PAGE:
Tycoon Philip Green faces ‘break up of fashion empire’

Fallen king of the UK high street warned he cannot trade his way out of trouble: report

Chairman of Arcadia Group, Philip Green. Photo: AFP
Chairman of Arcadia Group, Philip Green. Photo: AFP

British clothing tycoon Philip Green is preparing to break up his fashion empire after being warned it cannot trade its way out of financial crisis, British media reported.

Mr Green, one of the most prominent figures in British retail, is reportedly preparing the ground to sell off parts of his Arcadia Group, which includes Topshop and Miss Selfridge, after narrowly avoiding its collapse into administration in June.

The company rejected the claims, saying that it was "fully focused" on trying to turn around all of its brands.

The Sunday Times, citing unidentified sources, said that plans to separate the brands were being overseen by the group’s chief executive Ian Grabiner. It said that the brands would be sold gradually rather than embarking on a fire sale.

The reported plans have been complicated by the different brands sharing many functions including human resources and IT.

“Breaking it up is very, very difficult,” the Sunday Times quoted a source as saying.

Arcadia has stores in 36 countries outside of the UK including across the Middle East. The UAE hosts branches of all of its best-known brands including Wallis and Burton, according to the Arcadia website.

The reported plans follow a turbulent year for Mr Green who struck a deal with landlords to cut rents at his high street shops to prevent the collapse of the group that he bought for £850 million in 2002. Twenty-three stores are planned for closure under the agreement.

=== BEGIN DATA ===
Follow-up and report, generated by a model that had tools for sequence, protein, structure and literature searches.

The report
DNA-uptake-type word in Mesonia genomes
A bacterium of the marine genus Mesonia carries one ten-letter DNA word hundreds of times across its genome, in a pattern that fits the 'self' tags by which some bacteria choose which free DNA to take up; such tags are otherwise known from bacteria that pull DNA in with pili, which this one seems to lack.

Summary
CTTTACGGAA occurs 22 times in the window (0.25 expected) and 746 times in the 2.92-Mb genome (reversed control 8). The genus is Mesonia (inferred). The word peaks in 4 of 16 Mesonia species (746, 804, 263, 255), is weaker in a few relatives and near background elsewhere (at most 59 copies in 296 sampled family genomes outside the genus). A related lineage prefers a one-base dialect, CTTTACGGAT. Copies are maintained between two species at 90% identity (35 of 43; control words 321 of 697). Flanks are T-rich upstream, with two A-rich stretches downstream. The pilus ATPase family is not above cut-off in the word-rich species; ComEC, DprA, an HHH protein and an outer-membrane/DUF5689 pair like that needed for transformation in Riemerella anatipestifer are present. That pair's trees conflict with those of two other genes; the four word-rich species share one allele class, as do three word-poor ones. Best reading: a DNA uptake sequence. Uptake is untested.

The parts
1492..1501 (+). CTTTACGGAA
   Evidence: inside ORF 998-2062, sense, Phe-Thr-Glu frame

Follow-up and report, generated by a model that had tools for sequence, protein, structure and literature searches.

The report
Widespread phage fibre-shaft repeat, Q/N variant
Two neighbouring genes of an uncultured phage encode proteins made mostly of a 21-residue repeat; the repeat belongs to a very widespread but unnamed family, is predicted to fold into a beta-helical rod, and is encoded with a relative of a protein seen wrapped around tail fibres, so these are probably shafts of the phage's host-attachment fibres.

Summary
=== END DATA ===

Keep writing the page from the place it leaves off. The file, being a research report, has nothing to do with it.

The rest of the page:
The group held off total collapse into administration in June after creditors approved Mr Green’s restructuring plan. The proposal included improving break clauses for leases and asking landlords to agree to rent cuts of between 25 per cent and 50 per cent. The Green family will invest £9.5m to cover the shortfall in rent.

Arcadia said it would press ahead with its plans for restructuring after US landlords last week withdrew a challenge to its plans.

Earlier this year, the struggling fashion group announced that it had significant liquidity issues and it struggled to pay fixed charges of £100m a year. Its earnings are also expected to fall to £30m in 2019, down from £219m two years ago.

The reputation of the tycoon was tarnished following his sale of the department store BHS which collapsed in 2016 with a huge pension deficit. In May, Mr Green’s wife Tina Green, who is the formal owner of the group, offered to bridge the pension scheme’s shortfall with £25m a year for the next three years, plus another £25m contribution, for a total payment into the scheme of £100m.

MPs who investigated the collapse said that Mr Green had blamed everybody but himself for its collapse.

Mr Green has also faced personal difficulties. He has been charged with assault in the US and failed in an attempt to keep his identity secret over a series of harassment allegations reported in the British media.

Arcadia rejected the reported claims and described them in a statement as "wholly inaccurate" and unfounded. "It was written without any attempt to contact the company or any of its advisers," it said.

Updated: September 1, 2019 10:03 PM


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